First of all, some of the dialog is really cringeworthy, like, worse than stuff I’ve written in this blog over the past 17 years. Basically the premise is this: in 2019 the weather got too bad for us to handle, so we built a bunch of nifty technology that involved new Space Shuttles, thousands of weather satellites that form a grid around the entire globe and an enhancement to the International Space Station to enable it to hold all the equipment necessary, house over 600 personnel, and spin to maintain gravity. Before 2022.
There’s a lot of CGI weather effects that remind me of making the citizens run around in SimCity back when I was playing it on my PowerMac G4. Lots of tornadoes, way too many lightning strikes, flash frozen 747s (because it’s always a 747), that sort of thing.
If you take crazy weather special effects, a lot of impressive computer screen graphics that make me want to delve back into Linux (because I can) and throw the movie “Armageddon” into the stew just for fun, you’ve got “Geostorm”.
Was it worth $5.99? I say yes just for the escapism. Earl just told the rest of the family not to waste their money.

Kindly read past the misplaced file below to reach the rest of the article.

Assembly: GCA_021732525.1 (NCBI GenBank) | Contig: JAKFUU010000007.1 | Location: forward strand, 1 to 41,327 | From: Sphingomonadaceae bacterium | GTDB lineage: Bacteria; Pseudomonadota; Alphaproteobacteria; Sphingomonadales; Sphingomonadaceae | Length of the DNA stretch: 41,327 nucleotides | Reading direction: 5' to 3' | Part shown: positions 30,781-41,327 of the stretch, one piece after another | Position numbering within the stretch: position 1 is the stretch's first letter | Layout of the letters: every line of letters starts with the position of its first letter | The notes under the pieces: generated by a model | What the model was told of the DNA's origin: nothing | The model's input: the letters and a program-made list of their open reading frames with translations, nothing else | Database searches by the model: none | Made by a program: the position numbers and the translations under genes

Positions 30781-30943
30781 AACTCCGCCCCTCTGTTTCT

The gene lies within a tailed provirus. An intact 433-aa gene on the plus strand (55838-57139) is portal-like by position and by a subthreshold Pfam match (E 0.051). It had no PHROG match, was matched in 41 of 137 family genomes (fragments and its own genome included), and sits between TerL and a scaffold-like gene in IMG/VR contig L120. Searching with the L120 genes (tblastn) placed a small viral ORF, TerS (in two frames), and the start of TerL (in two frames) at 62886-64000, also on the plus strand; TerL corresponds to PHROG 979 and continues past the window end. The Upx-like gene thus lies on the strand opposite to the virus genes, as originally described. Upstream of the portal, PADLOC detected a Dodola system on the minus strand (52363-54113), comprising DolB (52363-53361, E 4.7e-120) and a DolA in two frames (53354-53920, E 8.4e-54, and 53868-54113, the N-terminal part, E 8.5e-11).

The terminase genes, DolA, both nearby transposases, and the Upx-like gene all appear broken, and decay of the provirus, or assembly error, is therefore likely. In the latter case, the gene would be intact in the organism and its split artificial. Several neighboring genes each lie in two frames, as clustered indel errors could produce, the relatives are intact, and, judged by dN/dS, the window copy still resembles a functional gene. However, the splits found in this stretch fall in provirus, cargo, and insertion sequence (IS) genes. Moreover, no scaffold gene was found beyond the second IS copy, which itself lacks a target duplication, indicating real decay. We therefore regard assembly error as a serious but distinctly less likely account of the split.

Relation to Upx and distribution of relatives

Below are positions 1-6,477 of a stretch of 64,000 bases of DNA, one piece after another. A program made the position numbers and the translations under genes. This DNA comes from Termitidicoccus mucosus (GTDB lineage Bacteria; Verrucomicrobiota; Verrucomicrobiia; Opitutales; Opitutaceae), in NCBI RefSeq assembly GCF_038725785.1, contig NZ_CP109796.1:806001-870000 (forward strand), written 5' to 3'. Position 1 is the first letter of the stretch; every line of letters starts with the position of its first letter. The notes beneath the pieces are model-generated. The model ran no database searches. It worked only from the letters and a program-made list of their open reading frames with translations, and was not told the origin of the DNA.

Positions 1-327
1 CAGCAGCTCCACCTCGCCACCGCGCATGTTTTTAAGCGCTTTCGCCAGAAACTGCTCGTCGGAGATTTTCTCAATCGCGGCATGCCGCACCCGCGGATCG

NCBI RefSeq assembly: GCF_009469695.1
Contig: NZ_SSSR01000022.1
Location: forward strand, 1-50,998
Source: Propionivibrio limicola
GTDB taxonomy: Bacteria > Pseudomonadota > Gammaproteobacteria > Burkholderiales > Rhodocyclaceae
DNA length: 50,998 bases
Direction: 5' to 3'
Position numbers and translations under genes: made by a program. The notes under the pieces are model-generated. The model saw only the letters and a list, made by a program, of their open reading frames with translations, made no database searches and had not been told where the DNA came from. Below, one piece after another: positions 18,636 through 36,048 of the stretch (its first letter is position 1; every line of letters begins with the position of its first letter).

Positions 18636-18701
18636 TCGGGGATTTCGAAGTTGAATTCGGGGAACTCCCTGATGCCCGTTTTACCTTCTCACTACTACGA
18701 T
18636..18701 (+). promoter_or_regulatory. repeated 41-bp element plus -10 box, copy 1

The one piece of cool tech displayed that I hope comes to fruition before 2022 is the replacement of smartphones with the “Holoframe”.
This tech was kind of cool and it lends itself to the direction I wish we were headed in when it came to our smart devices. When off, it looked like a pen.
Tonight is a Super Blue Blood Moon. The moon is full, it’s the second full moon of the month (blue moon), it’s in a point in its orbit around the Earth where it’s close (looking up to 17% larger) and there will be a lunar eclipse near dawn.
I might just have to get up and take a look myself.
So I’m enjoying wireless charging on my iPhone X. I didn’t think it would be that big of deal but when I remembered that Starbucks has wireless chargers built in their tables I found my groove.
Earl and I purchased charging mats when we bought his new iPhone. Since I occasionally listen to headphones when I’m sleeping and because the iPhone X does not have a headphone jack, I needed a way to charge my phone and listen to my headphones at the same time. Dongles be damned, I’m going with the charging mat. It’s been quite enjoyable.
Overall I’m pleased with my new iPhone X. Any frustration has been with apps that haven’t adapted to the new display and a couple of the gestures. I still find myself swiping from every corner possible when I’m trying to bring up the flashlight. Double-clicking the power button does not feel intuitive to bring up Siri. But I’m getting used to these two things; the rest of the functionality of the phone has been spot on.
And I’m really loving the wireless charging capabilities.